The statute in Newsome granted an absolute right to appeal any guilty-plea conviction raising Fourth Amendment suppression issues, a right that previously had not existed in New York. See McMann v. Richardson, supra, 397 U.S. at 766 & n.11, 90 S.Ct. at 1446 & n.11. The statute thus removed New York's previous "expectation of finality" regarding Fourth Amendment issues involved in guilty-plea convictions: after its enactment, a guilty plea in such cases represented no break in the criminal-process chain of events. Section 1237.5, by contrast, did not decrease California's "expectation of finality." According to the California Supreme Court, section 1237.5 simply codified preexisting grounds for appealing guilty-plea convictions and added a new screening requirement. Therefore, a guilty plea under section 1237.5 constitutes as great "a break in the chain of events which has preceded it in the criminal process," Tollett v. Henderson, supra, 411 U.S. at 267, 93 S.Ct. at 1608, as did guilty pleas entered before section 1237.5 was enacted. Moreover, the post-conviction issuance of a certificate of probable cause is an uncertain event at the time of the guilty plea and will issue only upon a finding that colorable constitutional infirmities may undermine the validity of the plea. Thus, at the time of the judgment the state acquires at least as legitimate an expectation of finality in the conviction as it would acquire after any presumably valid guilty plea. These differences between section 1237.5 and the statute considered in Newsome make inapplicable in this case the first reason for the Newsome exception to the Tollett rule.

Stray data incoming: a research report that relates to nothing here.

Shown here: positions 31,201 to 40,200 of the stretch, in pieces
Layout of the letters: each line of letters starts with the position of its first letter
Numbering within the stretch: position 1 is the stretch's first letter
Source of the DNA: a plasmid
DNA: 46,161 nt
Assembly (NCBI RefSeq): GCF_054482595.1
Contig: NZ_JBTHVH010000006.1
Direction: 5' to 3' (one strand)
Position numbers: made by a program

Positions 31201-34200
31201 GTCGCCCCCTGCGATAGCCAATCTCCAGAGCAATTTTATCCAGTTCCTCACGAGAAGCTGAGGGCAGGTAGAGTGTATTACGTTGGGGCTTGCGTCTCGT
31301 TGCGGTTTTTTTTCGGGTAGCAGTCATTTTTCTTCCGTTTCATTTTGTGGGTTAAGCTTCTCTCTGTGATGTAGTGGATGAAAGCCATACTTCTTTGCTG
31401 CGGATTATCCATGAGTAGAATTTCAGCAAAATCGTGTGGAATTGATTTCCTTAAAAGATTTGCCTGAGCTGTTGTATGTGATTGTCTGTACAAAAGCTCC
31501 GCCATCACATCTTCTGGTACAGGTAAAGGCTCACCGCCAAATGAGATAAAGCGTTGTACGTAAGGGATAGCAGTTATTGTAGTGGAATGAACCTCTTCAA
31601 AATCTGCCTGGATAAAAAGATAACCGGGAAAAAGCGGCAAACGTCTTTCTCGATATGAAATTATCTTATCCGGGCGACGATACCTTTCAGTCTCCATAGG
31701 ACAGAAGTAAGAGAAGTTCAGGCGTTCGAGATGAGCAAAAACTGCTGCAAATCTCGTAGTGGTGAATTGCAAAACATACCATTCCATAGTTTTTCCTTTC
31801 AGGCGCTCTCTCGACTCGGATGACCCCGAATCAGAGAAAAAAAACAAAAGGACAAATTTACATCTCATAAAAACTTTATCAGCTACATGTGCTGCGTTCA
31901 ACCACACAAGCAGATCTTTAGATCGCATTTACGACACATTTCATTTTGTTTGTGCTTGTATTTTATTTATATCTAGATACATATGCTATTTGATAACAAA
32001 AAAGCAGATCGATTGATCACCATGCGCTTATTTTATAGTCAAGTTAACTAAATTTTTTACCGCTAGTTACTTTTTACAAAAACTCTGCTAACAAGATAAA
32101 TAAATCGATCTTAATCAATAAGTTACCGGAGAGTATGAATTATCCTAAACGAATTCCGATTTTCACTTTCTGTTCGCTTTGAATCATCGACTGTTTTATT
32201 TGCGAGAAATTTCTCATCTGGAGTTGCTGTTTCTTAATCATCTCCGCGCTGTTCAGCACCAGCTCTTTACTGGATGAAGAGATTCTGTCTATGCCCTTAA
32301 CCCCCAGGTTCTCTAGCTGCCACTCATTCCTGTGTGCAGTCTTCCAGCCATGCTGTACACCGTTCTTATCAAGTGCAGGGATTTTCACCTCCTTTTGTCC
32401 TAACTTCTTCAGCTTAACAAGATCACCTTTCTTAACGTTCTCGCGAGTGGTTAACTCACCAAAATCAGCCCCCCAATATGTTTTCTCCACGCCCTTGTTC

The second reason for the Newsome decision is also inapplicable. A Supreme Court declaration that federal habeas relief was precluded by the guilty plea in Newsome clearly would have frustrated New York's efforts to eliminate needless criminal trials. 420 U.S. at 292-93, 95 S.Ct. at 891-892. The purpose of section 1237.5, however, is not to eliminate needless trials, but to screen out frivolous appeals from among appeals which the state already permits. People v. Kaanehe, 19 Cal.3d 1, 9, 136 Cal.Rptr. 409, 414, 559 P.2d 1028, 1033 (1977); People v. Ward, supra, 66 Cal.2d 576-77, 58 Cal.Rptr. at 316, 426 P.2d at 884; People v. Chen, 37 Cal.App.3d 1046, 1048, 112 Cal.Rptr. 894, 895 (1974); People v. Warburton, 7 Cal.App.3d 815, 819, 86 Cal.Rptr. 894, 896 (1970), cert. denied, 400 U.S. 1022, 91 S.Ct. 587, 27 L.Ed.2d 634 (1971). This screening purpose will not be frustrated by denial of federal habeas corpus relief in section 1237.5 appeals.